expected team chairman John Harrington to declare himself chairman-for-life
    and hold on to the team as long as possible, even though the terms of the
    Yawkey Trust’s charter mandated a quick sale. It appears, however, that
    Bingham Dana, the prestigious Boston law firm handling the sale, will be
    taking final bids this week. While it has been widely reported that
    Harrington is obligated to sell the team to the highest bidder, there’s
    quite a bit more to it than that.

    Selling a baseball team is not exactly the same as selling a regular
    company. The remaining owners must approve any change in ownership of a
    franchise in Major League Baseball, and approval has, in recent years, been
    a difficult hurdle for would-be owners. So Harrington’s obligation is to
    sell the team to the highest-bidding ownership group that will be approved,
    which puts a rather heavy burden on his and Bingham Dana’s shoulders.

    The problem is that the group widely expected to throw the most money at the
    team, led by Tom Werner and perhaps soon to include John Henry, is the least
    desirable bidder now that Roger Marino is no longer in the running. Bringing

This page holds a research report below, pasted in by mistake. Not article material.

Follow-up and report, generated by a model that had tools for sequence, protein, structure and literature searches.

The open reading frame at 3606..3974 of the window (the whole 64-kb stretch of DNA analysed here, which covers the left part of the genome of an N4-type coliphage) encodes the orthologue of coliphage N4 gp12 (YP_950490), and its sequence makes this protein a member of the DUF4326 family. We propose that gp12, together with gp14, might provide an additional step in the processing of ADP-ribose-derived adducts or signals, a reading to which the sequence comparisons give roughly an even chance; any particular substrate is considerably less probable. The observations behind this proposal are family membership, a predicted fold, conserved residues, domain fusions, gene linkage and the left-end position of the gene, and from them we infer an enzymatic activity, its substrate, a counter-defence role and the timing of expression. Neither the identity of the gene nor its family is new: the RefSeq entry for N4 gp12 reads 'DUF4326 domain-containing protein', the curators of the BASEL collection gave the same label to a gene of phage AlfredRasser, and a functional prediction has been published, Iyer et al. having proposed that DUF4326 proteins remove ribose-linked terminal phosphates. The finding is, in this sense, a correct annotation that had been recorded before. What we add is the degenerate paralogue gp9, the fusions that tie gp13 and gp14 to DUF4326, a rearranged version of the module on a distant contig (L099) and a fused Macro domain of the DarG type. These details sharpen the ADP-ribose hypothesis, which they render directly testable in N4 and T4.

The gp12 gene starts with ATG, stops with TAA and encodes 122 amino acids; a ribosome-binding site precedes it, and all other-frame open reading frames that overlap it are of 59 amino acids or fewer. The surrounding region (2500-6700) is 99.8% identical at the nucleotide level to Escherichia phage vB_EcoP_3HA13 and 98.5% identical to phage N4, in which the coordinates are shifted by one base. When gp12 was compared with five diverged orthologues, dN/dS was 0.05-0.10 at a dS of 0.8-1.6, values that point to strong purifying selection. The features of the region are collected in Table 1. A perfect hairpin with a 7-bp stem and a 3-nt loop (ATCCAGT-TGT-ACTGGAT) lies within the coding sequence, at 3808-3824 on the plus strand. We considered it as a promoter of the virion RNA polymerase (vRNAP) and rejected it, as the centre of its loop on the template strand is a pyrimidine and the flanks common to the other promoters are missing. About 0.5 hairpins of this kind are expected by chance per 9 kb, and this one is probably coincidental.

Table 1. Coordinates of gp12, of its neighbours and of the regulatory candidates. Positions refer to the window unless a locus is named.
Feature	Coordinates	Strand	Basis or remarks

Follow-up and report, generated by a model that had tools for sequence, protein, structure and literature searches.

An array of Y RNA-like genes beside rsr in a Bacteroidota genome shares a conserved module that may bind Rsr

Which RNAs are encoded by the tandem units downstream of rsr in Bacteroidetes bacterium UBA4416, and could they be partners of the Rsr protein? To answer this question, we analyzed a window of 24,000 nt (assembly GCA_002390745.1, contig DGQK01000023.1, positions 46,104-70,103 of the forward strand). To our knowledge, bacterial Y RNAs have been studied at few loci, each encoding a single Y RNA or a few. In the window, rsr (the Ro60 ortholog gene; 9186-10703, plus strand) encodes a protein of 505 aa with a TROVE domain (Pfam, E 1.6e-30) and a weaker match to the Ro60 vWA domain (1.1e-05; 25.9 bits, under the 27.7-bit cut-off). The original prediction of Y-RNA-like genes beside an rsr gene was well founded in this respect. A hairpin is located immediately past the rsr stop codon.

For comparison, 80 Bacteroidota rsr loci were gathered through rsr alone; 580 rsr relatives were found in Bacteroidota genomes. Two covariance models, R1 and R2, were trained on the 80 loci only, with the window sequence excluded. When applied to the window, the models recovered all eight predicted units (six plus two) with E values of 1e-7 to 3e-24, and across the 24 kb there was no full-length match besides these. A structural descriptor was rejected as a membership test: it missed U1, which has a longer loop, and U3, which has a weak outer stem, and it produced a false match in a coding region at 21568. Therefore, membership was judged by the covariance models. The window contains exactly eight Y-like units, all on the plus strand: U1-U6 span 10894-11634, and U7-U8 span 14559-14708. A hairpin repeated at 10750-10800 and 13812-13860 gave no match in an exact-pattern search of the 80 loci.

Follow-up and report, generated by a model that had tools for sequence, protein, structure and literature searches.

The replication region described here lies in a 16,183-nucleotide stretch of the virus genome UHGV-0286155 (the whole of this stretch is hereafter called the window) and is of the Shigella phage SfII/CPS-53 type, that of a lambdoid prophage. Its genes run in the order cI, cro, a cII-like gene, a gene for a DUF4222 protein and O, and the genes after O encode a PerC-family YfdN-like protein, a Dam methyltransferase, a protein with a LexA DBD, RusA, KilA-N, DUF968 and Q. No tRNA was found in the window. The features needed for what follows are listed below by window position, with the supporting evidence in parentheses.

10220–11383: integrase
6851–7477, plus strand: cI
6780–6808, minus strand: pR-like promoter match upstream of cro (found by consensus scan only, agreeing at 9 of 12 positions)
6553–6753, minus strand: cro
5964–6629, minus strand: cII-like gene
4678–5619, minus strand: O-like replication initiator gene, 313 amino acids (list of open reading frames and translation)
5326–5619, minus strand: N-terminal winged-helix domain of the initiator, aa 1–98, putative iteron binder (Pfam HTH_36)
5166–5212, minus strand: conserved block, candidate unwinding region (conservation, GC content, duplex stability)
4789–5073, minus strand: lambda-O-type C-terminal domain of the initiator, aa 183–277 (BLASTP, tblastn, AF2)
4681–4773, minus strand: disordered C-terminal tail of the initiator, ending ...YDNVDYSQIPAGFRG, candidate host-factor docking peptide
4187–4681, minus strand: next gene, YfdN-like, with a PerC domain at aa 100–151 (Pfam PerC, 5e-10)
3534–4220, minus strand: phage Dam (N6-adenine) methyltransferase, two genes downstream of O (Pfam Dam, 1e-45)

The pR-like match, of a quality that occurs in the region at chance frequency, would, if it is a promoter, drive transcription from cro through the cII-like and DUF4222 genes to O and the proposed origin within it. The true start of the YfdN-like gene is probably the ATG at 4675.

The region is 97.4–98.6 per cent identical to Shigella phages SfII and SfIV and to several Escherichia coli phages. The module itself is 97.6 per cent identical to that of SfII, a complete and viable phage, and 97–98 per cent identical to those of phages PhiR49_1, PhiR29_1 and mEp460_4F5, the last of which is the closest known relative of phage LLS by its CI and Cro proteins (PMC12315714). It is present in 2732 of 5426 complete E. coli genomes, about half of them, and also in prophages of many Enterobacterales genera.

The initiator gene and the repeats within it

one owner with a lurid history back into the game is bad enough, but
    bringing two would be tragic.

    The Red Sox are one of baseball’s crown jewels. After the Yankees and
    Dodgers, and perhaps the Mariners (thanks to Ichiro Suzuki and
    Kazuhiro Sasaki), the Red Sox are arguably the best-known baseball
    franchise in the world. They boast one of the most dedicated fan bases.
    Right now, they have three of the most exciting players in baseball on their
    roster.

    Should MLB approve the Werner/Henry group, the league would be putting this
    brand equity at risk. Tom Werner led the ownership group in San Diego in the
    early 1990s that took a team coming off of back-to-back winning seasons and
    dismantled it, trading away top players and getting almost nothing in
    return. It did this, in 1993 and 1994, despite a promise to season-ticket
    holders before the 1993 season that it would not execute such a fire sale.

    John Henry’s record isn’t as damning, but it’s hardly encouraging. He has
    waged a publicity campaign against his own franchise, complaining about the
    inadequacy of the 12-year-old stadium in which the Marlins play, and
    regularly questioning the franchise’s long-term viability in southern
    Florida. The stadium situation in Boston is a minefield right now; is Henry
    really someone MLB wants to insert into the fracas?

    Baseball owners have an obvious interest in seeing teams on the block sold
    to the highest bidder. But when one of the game’s best assets is being sold,
    ensuring that it ends up in the hands of the best custodians is even more
    important. Tom Werner’s team does not fit the bill.

Keith Law is an author of Baseball Prospectus. You can contact him by
clicking here.